Theology Tuesday: A theology of dress

On Sunday morning, as I was walking up to the altar for Communion, the usher looked at me as I went past and whispered, "See me after church!" Now, immediately after communion each week, I run down to the gym to get set up for the flood of kids who gather after the service for fellowship before class, and as soon as that was done I went up looking for the usher. And couldn't find him, of course. I went home, then, without knowing what he'd needed to see me about.

He just left my office, and now I know. Apparently, on Sunday, a few of my students were hanging out in the Great Hall, and their mere presence was affecting the dignity of the whole church. (The fact that the whole church couldn't see them, only folks who weren't in worship, which is an entirely different issue, isn't good for theology and won't be covered here except for this eyebrow-raise.)

What was affecting the dignity of the church was the way these kids were dressed. Apparently the boys' pants hang down too far, and the girls' shirts go up too high. And it's bad for the dignified image of the church. And it's my job as the youth minister to stop it.

That's the setup. Now for the theology. As usual, there is Scriptural support on both sides. When Samuel anointed David king of Israel, God's word was "Don't look at his outside, because that's not what I look at. I know what's in his heart." But in the NT, there's a story about guests at a wedding banquet. The host had gone out into the alleyways and dark corners looking for guests, because the original guest list all made excuses, but the one guy who showed up without a proper wedding suit was thrown out.

What's a poor youth minister to do? God wants people to come to worship because that's our highest act as humans, connecting with God who made us. Jesus seems to have told us many times that the dignity of the church wasn't the main thing; in fact, those who focused on dignity and appearances were keeping themselves away from God, because serving God means getting down and dirty with people who need help.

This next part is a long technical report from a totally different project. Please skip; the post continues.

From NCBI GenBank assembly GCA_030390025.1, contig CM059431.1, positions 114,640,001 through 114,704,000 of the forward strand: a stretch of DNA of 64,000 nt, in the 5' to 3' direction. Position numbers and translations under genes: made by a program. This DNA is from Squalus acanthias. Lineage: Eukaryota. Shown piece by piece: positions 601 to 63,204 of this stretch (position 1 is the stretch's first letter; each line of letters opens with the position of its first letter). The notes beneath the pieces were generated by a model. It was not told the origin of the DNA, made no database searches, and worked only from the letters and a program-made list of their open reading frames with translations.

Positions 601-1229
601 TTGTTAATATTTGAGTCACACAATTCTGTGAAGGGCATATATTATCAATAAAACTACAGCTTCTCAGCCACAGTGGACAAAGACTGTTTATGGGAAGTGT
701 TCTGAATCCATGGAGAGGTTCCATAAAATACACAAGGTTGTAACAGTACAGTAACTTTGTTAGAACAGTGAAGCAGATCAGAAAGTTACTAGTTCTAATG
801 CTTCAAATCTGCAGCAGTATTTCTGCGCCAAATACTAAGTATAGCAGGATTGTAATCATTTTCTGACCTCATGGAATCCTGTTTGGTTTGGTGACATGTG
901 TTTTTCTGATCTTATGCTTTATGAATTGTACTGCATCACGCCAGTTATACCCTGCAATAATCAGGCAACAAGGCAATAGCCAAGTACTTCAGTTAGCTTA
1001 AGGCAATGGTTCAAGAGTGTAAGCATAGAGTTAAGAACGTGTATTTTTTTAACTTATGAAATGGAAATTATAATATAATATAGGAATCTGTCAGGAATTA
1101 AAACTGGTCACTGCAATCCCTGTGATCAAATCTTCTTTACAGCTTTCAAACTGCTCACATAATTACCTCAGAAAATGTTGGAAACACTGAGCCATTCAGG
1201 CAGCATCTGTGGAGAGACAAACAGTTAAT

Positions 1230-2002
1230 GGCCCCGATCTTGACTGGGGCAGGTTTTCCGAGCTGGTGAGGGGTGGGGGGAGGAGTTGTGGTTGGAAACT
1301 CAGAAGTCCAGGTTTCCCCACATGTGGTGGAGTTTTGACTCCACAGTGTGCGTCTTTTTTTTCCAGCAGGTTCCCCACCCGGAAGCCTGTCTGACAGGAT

The deepest question in all of this is "Does my outer self show the condition of my inner life?" Will a close relationship with God convict me of the need to dress perfectly when I come to God's house, or does that friendship allow me to be comfortable walking in, grabbing a beer from God's fridge, and crashing on the couch to watch "CSI" with my Creator?

The answer that I've come to after wrestling with it every Sunday morning at the ironing board, is that a church in right relationship with God comes to worship ready to work. The clothes we wear should reflect our willingness to go out and serve God's people after being strengthened by His word.

1 comment:

Anonymous said...

Was this a typo? The girls' shirts?
Anyway, to the real posts: Perhaps it was concern for the youth missing out on worship. Perhaps the usher missed a lovely voice, the company of the young, the joy of worship on the face of that teen. What is the "best construction" of both the youth being in the hall and the ushers being in the hall?
My question to a parent, if I was brave enough to ask it, would be, "Would your child, even as a teen, wear that outfit to...a wedding, a funeral, a special dinner, Christmas at grandma's, etc.?" However, the only parent I'm brave enough to say that to is myself.
Also, I'm glad you are struggling with this over the ironing board! Love, Mom